• the first row of a second pair of rows of vines is designated as vines 14 ⁇ l,14c2, 14c3 and so on, and the second row of vines of this pair of rows is designated vines 14dl, 14d2, 14d3 and so on.
  • the second pair of rows 14c, 14d is located transversely spaced apart from the first pair of rows 14a, 14b to a distance of about 3m from centreline to centreline.
  • vine 14c2 is spaced about lm from vines 14cl and 14c3, as is vine 14d2 spaced from vines 14dl and 14d3 respectively, and so on down each row of vines in turn.
  • a longitudinally extending row of substantially vertical posts 30 are located at regularly spaced apart locations over the longitudinal length of the plot of land in the service space 16 between adjacent rows of plants of the one pair substantially along respective center lines 18.
  • Support wires 40 span transversely from one side of the plot to the other side of the plot of land. Main support wires 40 are retained in place by posts 30 located in the service area.
  • a plurality of longitudinally extending guide wires 50 are arranged to extend substantially perpendicular to main support wires 40 from one transverse side of the plot of land to the other transverse side.
  • the longitudinal guide wires 50 are for supporting the canes, runners, foliage, fruit and the like of the plants located at the various locations 14al, 14a2, 14a3 and so on.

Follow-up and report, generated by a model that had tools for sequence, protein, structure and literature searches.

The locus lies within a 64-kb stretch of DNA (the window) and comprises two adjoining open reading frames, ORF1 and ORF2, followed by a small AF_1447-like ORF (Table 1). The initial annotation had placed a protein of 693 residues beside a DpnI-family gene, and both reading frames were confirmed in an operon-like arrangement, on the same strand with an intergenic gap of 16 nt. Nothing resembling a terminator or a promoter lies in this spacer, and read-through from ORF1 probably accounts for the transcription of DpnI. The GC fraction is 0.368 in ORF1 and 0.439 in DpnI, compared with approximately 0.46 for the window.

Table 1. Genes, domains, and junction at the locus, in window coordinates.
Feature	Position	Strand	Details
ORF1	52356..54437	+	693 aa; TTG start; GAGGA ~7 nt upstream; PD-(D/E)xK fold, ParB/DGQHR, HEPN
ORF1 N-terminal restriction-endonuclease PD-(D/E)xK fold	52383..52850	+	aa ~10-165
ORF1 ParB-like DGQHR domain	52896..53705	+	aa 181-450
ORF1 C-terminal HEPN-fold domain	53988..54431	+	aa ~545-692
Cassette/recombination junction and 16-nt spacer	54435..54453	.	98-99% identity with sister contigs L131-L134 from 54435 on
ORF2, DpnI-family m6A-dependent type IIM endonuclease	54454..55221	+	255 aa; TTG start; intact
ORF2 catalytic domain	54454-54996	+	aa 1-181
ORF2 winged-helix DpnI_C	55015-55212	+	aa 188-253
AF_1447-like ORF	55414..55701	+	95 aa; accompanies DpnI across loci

• the row of posts for one pair of rows of plants is located in the center of the service area between each individual row of the one pair in the service area.
  • any number of guide wires 50 may be present and in any suitable or convenient arrangement.
  • the spacing of the posts 30 is such that there are about three vines planted at about lm centers apart from each other located between two adjacent posts within the one row of vines so that one post 30 occurs after every 3 vines in the one row.
  • vines 14 to posts 30, main support wires 40 and guide wires 50, as well as to each other, including the runners or canes of the vines formed into a substantially "H" shaped growing pattern will now be described in detail.
  • vine 14 as a stem portion 58 from which extend canes or runners in a number of different growing sections.
  • the first growing section or portion denoted as 60 extends from at or towards the top of stem 58 of vine 14 towards a first guide wire 50a.
  • the first portion 60 is then trained so as to send off two second growing portions or canes 62 with one portion being trained to extend along the length wise extending direction of guide wire 50a in a first direction being denoted 62R indicating the right hand side direction whereas the second portion 62L extends in the opposite direction along guide wire 50a and is designated portion 62L to indicate growth to the left hand side as shown generally in Figure 6.
  • First portion 60 continues to extend growing in the transverse direction to form a third growing portion 64 which extends from first guide wire 50a to second guide wire 50b.
  • third growing portion 64 which extends from first guide wire 50a to second guide wire 50b.
  • this growing portion is trained to extend into two opposite directions along second guide wire 50b to form fourth growing portions 66.
  • the right hand side growing portion is denoted as 66R whereas the left hand side growing portion is denoted as growing portion 66L as shown particularly in Figure 6.
  • Any extra foliage or growth can be trained to grow to and to extend along guide wire 50c if required.